5. How the food is prepared? The best instrument to use for preparing food should be made of gold, silver or iron. When none of these are available (especially gold and silver), instruments made of stainless steel and clay pots are also good.

Eat according to your dosha

As our body types (i.e. dosha combination) are all different, we have to consider how we can incorporate these principles into our lifestyle in order to maintain good health and wellbeing.

For instance, my body type is Pitta-Kapha. What does that mean for me then? According to the recommendation from Dr. Damayanthi:

  • Lunch is the most important meal of the day for me.
  • In the morning (i.e. from sunrise to around 10:00am, the Kapha-hour of the day), I should have something warm and light.
  • For dinner, I can have a light one, like steam vegetables, fish, warm soup etc.
  • Juice detox is not good for me because of the Kapha-dosha. However, because of being Pitta-dominant, I can have some raw salad and juice during lunch time as it is the “Pitta-hour” of the day.
  • Red chilli is a big “no no” for Pitta-type as it can escalate hydrochloric acid in my body and overtime with persistent consumption, it could lead to hormonal imbalance and/or increase of free radicals in my body.  Having said that, the Kapha side of me likes spicy food, so green chilli is ok!

When reflecting on these useful tips from Dr. Damayanthi, it has become clear to me that my body does know what it needs and likes.  When I did the juice detox, I really did not like it at all.  It was more of a battle of two evils as I was trying to convince myself that it was good because my body would get cleansed. 

What I love most about the workshop is that Dr. Damayanthi and her team were able to deliver the science of life in an informative and pragmatic way - easy for lay-man like me to grasp as well as incorporating these into my daily routine.  With these practical tips based on Ayurveda principles, I now have a clearer idea and correct attitude towards my own personal choice of diet and eating habit.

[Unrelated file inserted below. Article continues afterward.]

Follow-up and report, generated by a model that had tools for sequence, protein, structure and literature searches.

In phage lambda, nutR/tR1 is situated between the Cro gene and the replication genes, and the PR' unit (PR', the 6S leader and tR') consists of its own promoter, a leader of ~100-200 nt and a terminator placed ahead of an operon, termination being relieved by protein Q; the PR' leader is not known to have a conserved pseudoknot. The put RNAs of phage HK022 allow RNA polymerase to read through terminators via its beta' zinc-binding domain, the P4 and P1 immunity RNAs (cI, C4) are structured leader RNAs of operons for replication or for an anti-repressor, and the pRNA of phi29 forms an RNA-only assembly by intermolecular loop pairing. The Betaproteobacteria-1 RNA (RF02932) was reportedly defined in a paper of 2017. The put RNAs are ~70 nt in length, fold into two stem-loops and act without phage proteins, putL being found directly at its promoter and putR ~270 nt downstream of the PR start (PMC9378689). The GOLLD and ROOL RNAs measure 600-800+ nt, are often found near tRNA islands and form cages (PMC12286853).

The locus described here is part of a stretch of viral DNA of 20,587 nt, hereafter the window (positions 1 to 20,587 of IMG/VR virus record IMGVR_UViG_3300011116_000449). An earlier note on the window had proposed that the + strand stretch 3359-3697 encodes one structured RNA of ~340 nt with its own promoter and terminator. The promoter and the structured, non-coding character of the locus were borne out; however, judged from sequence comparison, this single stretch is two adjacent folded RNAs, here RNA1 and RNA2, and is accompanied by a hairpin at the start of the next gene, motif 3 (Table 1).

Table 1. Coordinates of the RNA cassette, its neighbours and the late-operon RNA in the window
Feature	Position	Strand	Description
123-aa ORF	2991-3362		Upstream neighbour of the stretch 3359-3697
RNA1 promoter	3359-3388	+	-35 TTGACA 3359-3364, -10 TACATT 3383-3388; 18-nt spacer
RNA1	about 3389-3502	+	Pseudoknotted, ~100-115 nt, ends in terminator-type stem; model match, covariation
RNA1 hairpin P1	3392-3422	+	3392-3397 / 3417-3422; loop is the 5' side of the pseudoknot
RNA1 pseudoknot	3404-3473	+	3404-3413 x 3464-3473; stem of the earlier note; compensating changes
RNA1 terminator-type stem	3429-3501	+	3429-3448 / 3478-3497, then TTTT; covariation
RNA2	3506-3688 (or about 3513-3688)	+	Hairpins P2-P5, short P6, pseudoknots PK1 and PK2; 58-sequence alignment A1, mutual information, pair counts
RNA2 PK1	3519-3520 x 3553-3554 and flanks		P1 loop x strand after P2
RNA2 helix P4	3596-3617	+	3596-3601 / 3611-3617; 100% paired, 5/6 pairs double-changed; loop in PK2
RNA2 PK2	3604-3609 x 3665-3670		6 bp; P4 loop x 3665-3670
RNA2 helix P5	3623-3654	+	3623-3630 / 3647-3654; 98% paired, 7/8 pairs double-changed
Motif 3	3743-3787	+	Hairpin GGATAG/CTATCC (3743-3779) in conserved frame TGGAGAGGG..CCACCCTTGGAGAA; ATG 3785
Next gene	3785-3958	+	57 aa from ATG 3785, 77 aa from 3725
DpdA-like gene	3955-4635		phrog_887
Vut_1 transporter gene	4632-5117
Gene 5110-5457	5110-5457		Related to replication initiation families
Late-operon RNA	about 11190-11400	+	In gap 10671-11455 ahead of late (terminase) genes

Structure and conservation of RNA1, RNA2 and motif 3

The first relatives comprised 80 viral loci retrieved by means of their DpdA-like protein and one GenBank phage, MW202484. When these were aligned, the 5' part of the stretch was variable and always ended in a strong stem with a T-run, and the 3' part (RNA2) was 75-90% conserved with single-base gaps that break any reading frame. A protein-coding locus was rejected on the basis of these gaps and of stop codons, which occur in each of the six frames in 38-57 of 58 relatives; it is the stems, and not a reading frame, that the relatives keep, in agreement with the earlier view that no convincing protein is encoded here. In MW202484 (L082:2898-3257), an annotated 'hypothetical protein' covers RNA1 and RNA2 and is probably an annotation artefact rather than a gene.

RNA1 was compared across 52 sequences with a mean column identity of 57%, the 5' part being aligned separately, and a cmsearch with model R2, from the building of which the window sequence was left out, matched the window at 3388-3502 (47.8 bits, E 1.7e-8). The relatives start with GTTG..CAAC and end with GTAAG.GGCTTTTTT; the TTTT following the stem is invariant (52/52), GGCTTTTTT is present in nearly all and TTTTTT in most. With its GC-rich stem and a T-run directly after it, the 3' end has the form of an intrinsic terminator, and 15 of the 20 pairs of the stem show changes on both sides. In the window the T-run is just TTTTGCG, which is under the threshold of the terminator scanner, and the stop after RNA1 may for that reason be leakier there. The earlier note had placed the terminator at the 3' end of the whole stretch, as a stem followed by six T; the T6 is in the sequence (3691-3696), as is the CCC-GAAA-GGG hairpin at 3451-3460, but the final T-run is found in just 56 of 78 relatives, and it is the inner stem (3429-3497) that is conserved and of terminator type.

One thing that I am certainly pleased to say is “bye-bye raw food and juice detox…we are just not meant to be!” And simply, I should listen to my body more!

Stephanie Luo, Chief of Creativity, Luxe Nova


If you want to do a detox in the way that your body would be happy, we highly recommend that you send yourself to Barberyn Ayurveda Resorts in Sri Lanka. Even if it is just for 1 week, you should feel the difference and shift in your own body - lighter, healthier and happier. 

If you would like to learn more about Ayurveda and your own dosha type or if you may not make time for a retreat at Barberyn in the next 6 months, the good news is that the Barberyn team will visit Hong Kong again in June 2016.  To stay updated, please feel free to contact us to register your interest.


Testimonials from some of our participants during the Ayurveda Week.